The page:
If you want to drive innovation within your organization – which I believe is critically necessary throughout the distribution industry – you need to be in the vision business. You need to constantly think, dream and imagine.
Dream of the type of business you want to create, not today but tomorrow. Don’t be afraid to go out to the world, to the industry, to your employees and dream aloud. When you dream aloud, sometimes people are going to say you’re crazy. Don’t let their words stop you. Instead, think about what the musical group U2 says about the future and how our only limits are the limits of our imagination.
The visioning spectrum
I want to share a model with you that will help you bring the concept of “anything is possible with vision” into your organization. I call this “The Visioning Spectrum.”
Good, bad or indifferent, most distributors are managing their businesses for today. They’re at the status quo on one side of the spectrum. Your business is likely among them. You most likely have a good business (and no doubt a profitable one), but you’re managing it for today. On the other side of the spectrum is a disruptive future. By using your vision to look ahead to that future, you’re preparing for it.
As a leader in your organization, you must ensure you aren’t just innovating for today, but are trying to be sustainable, relevant and profitable in the future.
To do that, take stock of your current situation. Your management activities are driving certain levels of performance and that performance is driving results for your current generation of customers and employees. Look around your offices at your employees and also look at your customers. You’re performing to meet their current needs. However, as you move toward that other side of the spectrum, think about how you can innovate not just for your current customers and employees, but for that next generation of customers and employees.
Today, you’re probably driving incremental changes. Most distributors look for a 2% or 3% improvement in their warehouses, through their sales activities and so on to drive incremental growth. If you want to bridge the gap from managing for today to innovating for the future, prioritize how you invest your resources and put into place a process for somehow seeing into the future. Remember, the future is already here, it’s just not evenly distributed.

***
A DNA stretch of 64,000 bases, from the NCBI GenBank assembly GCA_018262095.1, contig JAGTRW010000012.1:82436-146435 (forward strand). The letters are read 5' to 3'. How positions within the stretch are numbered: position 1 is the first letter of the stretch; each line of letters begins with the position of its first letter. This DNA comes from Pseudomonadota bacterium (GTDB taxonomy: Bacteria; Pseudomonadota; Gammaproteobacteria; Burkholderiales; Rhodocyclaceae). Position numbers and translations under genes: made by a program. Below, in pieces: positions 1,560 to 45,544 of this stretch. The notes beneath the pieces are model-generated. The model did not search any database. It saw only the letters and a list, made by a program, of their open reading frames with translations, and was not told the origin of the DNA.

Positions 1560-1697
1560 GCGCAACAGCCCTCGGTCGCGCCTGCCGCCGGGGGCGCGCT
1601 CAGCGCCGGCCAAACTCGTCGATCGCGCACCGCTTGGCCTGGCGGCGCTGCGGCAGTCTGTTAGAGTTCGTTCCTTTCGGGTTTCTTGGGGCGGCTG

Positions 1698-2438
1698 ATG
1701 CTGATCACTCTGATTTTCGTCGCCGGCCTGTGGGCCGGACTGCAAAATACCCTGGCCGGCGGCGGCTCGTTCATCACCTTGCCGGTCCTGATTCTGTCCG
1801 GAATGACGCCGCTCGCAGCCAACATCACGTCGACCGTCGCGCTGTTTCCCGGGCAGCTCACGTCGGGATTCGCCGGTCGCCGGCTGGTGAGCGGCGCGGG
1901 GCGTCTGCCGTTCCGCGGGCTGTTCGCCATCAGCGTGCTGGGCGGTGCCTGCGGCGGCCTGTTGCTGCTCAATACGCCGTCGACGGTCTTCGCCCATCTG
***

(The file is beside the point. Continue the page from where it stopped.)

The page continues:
Have the discipline to continually ask, “Where must we drive this business? How must we innovate?” So much is going on at any one moment: Technology changes, government regulations, generational changes, varying business models, customer demands, and so on and so forth.
Figure out how these changes will impact your customers because innovation is about leading your customers to a better future in which they are willing and capable of rewarding you. Any major, systemic shift that affects your company will likewise impact your customers, so it’s important to have sensors in place to identify and understand the previously mentioned mega trends.
From there, figure out how these trends are going to impact your company (or industry) so you can make judgments and informed decisions.
Once you get past that level, start making informed decisions relative to how these trends are going to impact distribution. Think about it not just from a distribution perspective. Ask yourself, “How is this shift going to change the outcomes our customers will be looking for? How will it change their desired outcomes regarding profitability and productivity? How will the demographic changes affect the availability of labor and our customers’ ability to recruit labor?”
From there, begin looking into the day-to-day needs of your customers. Use this model of peering into the future to begin crafting your vision.